At the heart of EU travel rules is the European Union’s move to put covid booster pockets

People hoping to travel European Union Under new proposals from Brussels, they will have to get a booster job next year when their original covid vaccines are more than nine months old.

Thursday, the European Commission A nine-month limit has been proposed for the validity of the vaccine, which will apply within the EU and for travel.

If the plans are approved by EU ministers, from 10 January 2022 non-EU travelers will be required to show proof of EU-approved booster job after their original vaccination status is more than nine months old. Similarly, travelers between member nations will have to meet similar requirements to avoid covid test, quarantine and other restrictions.

The commission hopes to avoid a confusing mix of rules in the 27 member states, as governments seek to tighten restrictions on daily life as coronavirus infections increase.

The plans were unveiled on Thursday when the European Medicines Agency approved the use of the Pfizer-Bioentech vaccine for children between the ages of five and 11, paving the way for governments to expand the vaccination campaign.

EU regulators have recommended two injections in the upper arm at three-week intervals for primary-school children, one-third of the adult dose.

Recent EU proposals give preference to vaccinated people, as Brussels tends to classify passengers according to their personal health and vaccination status rather than the country of their departure.

From 1 March 2022, EU member states will only allow lorry drivers, such as vaccinated, cured or emergency passengers, to enter. The current system, under which countries are added and removed from the safe list, will be removed, a change the authorities provide further certainty.

Recommended to make booster pockets required for non-EU non-essential passengers after nine months is partly scientific advice, partly practical policy. Immunity decreases after six months, but EU officials added three more to allow governments to operate booster-shot programs.

The EU executive wants to allow entry to passengers with non-EU approved vaccines recognized by the World Health Organization, such as China’s Sinoform and SinoVAC. The AstraZeneca vaccine is developed by the Serum Institute of India. The EU has only approved four vaccines: Pfizer-BioNTech, AstraZeneca (produced in Europe), Janssen (Johnson and Johnson) and Moderna.

Most EU member states allow entry only to people with an EU-approved vaccine.

Under the new proposals, travelers to the EU with a WHO-approved vaccine who are not EU-approved will be able to enter the EU, but will have to produce a negative covid-test.

Children under the age of 6 do not need testing and vaccinations, while those between the ages of 6 and 17 need a negative covid test to enter the EU. Within the EU, children under the age of 12 are exempt from travel rules.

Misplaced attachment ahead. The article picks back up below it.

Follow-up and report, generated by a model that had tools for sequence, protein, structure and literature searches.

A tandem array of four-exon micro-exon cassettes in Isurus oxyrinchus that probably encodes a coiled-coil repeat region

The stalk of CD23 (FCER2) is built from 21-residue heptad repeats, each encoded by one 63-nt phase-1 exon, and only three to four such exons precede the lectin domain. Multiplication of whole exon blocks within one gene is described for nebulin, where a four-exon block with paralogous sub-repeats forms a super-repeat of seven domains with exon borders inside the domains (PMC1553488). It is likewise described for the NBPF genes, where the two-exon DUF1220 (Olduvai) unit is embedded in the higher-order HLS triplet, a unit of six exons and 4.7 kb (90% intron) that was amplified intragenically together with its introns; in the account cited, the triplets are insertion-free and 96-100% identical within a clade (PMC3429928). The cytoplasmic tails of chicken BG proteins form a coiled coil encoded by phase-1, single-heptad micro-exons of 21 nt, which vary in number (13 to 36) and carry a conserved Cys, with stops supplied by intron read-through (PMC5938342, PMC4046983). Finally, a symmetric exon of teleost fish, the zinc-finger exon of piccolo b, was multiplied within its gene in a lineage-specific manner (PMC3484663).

Travel within the EU is facilitated by the EU’s Digital Cowid certificate, which enables passengers to verify that they have been fully vaccinated, recently tested negative or have fully recovered from the virus.

The EU “passport” is now linked to the same system in 43 countries, including Switzerland, the UK, Turkey and New Zealand. This means that the CVID certificates of those countries are accepted in the EU and vice versa. At least 20 EU member states use digital certificates to control access to bars, restaurants, cinemas and other locations.

EU officials fear that if member states choose different rules for travel, people will lose faith in the EU digital cove pass. EU Commissioner for Justice Didier Renders said EU residents who own the EU Cowid certificate should not face further restrictions when traveling within the union.

The EU has vaccinated about two-thirds of the population and about three-quarters of adults, not enough to prevent an increase in cases driven by more contagious delta versions and waivers of sanctions.

On Thursday, the outgoing German Chancellor, Angela Merkel, “counted every day” to present measures of social distance and warned that her country would face “catastrophic growth” in cases. German territories have offered several measures to prevent the spread of the virus, however Merkel is urging them to move forward.

Earlier this week, the EU’s disease control agency, the European Center for Disease Prevention and Control, changed its guidelines for recommending booster shots for all adults, giving priority to those over 40.

EU Commissioner for Health, Stella Kiriacides, said: “We have vaccinated more than 65% of the total EU population, but this is not enough. Many people are still not safe. It is necessary. “

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